In the morning I visited the Red Balloon charity which works to help children and teenagers who have dropped out of school due to bullying. Carrie Herbert set up the first school fifteen years ago and now has 10 across the country. It is incredibly moving. Teenagers come to them often in deepest depression and within a year of counseling and teaching are usually back into main stream schooling. With youth unemployment such a top priority it was great to see a project that really can turn lives around. Carrie explained that it's relatively easy to raise money to build the schools but much more difficult to get ongoing revenue funding. I can't understand why these schools can't qualify for the government free school program and have promised to write letters of support.
At the office just outside Cambridge I interview three more candidates for the assistant role. I then went with my assistant Jess Cole to meet Professor Austin Smith at the Wellcome Trust Centre for Stem Cell Research in Cambridge. He is one of the world's leading stem cell researchers. I have seen letters in erudite publications from Austin and many of his colleagues around the world worrying about the ECJ ruling but none of them had written to MEPs on the research committee. The ruling is based on a piece of EU legislation that dates back to the 1990s when stem cell research was in its early days. Austin spoke about the trials that are now happening to cure blindness and the project he is working on for early onset diabetes. I offered that if he wanted to bring colleagues from across the field to Brussels I would see if MEPs would come and listen to what he has to say. I think they should understand the consequences of this ruling, and what it might mean for medical research. I don't believe that membership of the single market should mean that all countries must have identical ethical positions on issues like this. If the underlying law is unclear then politicians should look at clarifying it, not leave lawyers and judges to make far reaching judgements based on outdated legislation.
On the way home I picked my daughter Lizzie up from school and we went to the iconic Fitzbillies tea shop in Cambridge. Lizzie's godmother Lucie has always worked in local government, but she and her cookery writer partner Lucas have long dreamed of running their own food shop. Lucie was spending a week learning the ropes pouring tea and making cakes. We discussed the difficulties of setting up a new business. The new owners of Fitzbillies have taken a loss making shop and hopefully turned it profitable – if they can make it work in this economic environment they must be doing something right.
On Thursday nights, if I can, I try to get to rehearsals with my local choir. I usually make about every third or fourth rehearsal and this was a lucky week. Singing forces me to switch everything else off. We are working towards our Christmas carol concert with lots of old favourites and some new challenges.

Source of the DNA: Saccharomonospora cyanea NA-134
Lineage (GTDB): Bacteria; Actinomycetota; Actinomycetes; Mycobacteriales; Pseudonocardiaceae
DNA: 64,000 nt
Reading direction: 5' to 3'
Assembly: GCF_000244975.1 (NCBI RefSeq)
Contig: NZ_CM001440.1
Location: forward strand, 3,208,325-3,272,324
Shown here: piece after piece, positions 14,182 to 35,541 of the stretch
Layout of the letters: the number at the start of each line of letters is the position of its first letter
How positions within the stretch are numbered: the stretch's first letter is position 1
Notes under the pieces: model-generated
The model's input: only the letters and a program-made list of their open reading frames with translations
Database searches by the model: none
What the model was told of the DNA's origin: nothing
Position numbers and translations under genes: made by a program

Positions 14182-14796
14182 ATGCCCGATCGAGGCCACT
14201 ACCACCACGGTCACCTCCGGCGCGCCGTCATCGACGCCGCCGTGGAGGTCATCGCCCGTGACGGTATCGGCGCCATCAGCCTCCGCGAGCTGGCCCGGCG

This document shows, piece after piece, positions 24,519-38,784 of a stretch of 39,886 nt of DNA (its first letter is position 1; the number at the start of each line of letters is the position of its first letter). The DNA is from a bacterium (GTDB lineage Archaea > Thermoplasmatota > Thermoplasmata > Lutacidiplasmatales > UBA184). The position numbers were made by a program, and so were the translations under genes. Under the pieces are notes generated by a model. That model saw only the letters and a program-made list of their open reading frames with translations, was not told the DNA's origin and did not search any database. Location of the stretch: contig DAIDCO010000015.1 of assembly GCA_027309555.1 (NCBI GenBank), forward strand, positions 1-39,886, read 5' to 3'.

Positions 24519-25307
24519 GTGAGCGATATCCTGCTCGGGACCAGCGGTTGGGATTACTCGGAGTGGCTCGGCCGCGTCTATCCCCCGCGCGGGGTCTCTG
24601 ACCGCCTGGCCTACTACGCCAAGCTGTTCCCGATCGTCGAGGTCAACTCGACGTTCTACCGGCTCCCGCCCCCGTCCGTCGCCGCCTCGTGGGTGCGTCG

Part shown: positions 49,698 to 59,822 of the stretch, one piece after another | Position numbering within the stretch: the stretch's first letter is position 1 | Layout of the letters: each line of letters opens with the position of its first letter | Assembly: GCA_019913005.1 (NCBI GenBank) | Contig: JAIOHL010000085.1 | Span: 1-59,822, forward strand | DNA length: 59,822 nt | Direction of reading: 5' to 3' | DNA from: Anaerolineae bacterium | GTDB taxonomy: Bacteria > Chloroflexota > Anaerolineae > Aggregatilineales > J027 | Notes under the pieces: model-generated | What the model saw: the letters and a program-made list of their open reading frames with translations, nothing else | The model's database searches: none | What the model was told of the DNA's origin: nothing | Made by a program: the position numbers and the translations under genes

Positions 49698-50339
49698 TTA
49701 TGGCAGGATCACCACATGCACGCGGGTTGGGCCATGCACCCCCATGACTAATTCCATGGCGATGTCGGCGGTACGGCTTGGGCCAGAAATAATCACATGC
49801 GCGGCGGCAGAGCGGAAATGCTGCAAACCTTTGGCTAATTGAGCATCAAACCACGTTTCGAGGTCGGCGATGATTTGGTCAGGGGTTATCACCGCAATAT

I usually spend Fridays visiting companies or other groups across the east of England but this week I had set it aside. I signed a mountain of Christmas cards, worked through some of my emails and decided to offer the job to the one candidate whose eyes lit up with glee at the idea of piles of complicated legal documents. At lunchtime I disappeared for an hour of riding across the beautiful north Essex countryside. I've been trying to do this about once a month or so and feel so much fitter. In the evening I collected Lizzie from school with two of her friends; she has just had a birthday so for a treat we headed to Wembley Arena where we were joined by family. The show was the Spanish Riding School of Vienna who visit the UK just every five years. Not everyone is into horses dancing to music but the moves date back nearly 500 years and it is breathtakingly beautiful. As an added bonus we were treated to displays by Carl Hester, who has recently been in the UK's world champion equestrian team and Lee Pearson, nine times Paralympic gold medallist – great work by Team GB to get us all excited for 2012.
Today was a very quiet day as we were shattered. We had planned to go to see the thousands of swans that migrate to Welney in Norfolk, but the warm weather means the Bewick swans have not really started to arrive from Russia yet so we will leave it a couple of weeks. Instead I went to Newmarket racecourse to the Christmas craft sale in aid of Macmillan Cancer Support. As parliament doesn't break up until December 23, it was great to make a start on some Christmas shopping and see some friends. I came home armed with gadgets for godsons, a special widget to help find my brother's permanently lost car keys and slip-on studs which I hope might stop my stepfather slipping on the ice.
After a brief respite to read the Sunday papers, today was spent taking my daughter for a ride and ferrying my sons to birthday parties. Then, a family supper, which is usually the time of the week we all manage to sit down together in relative peace: I have to catch the Eurostar tomorrow, when it all starts again.Vicky Ford is a Conservative MEP for the East of England and a member of the European Conservatives and Reformists group in the European Parliament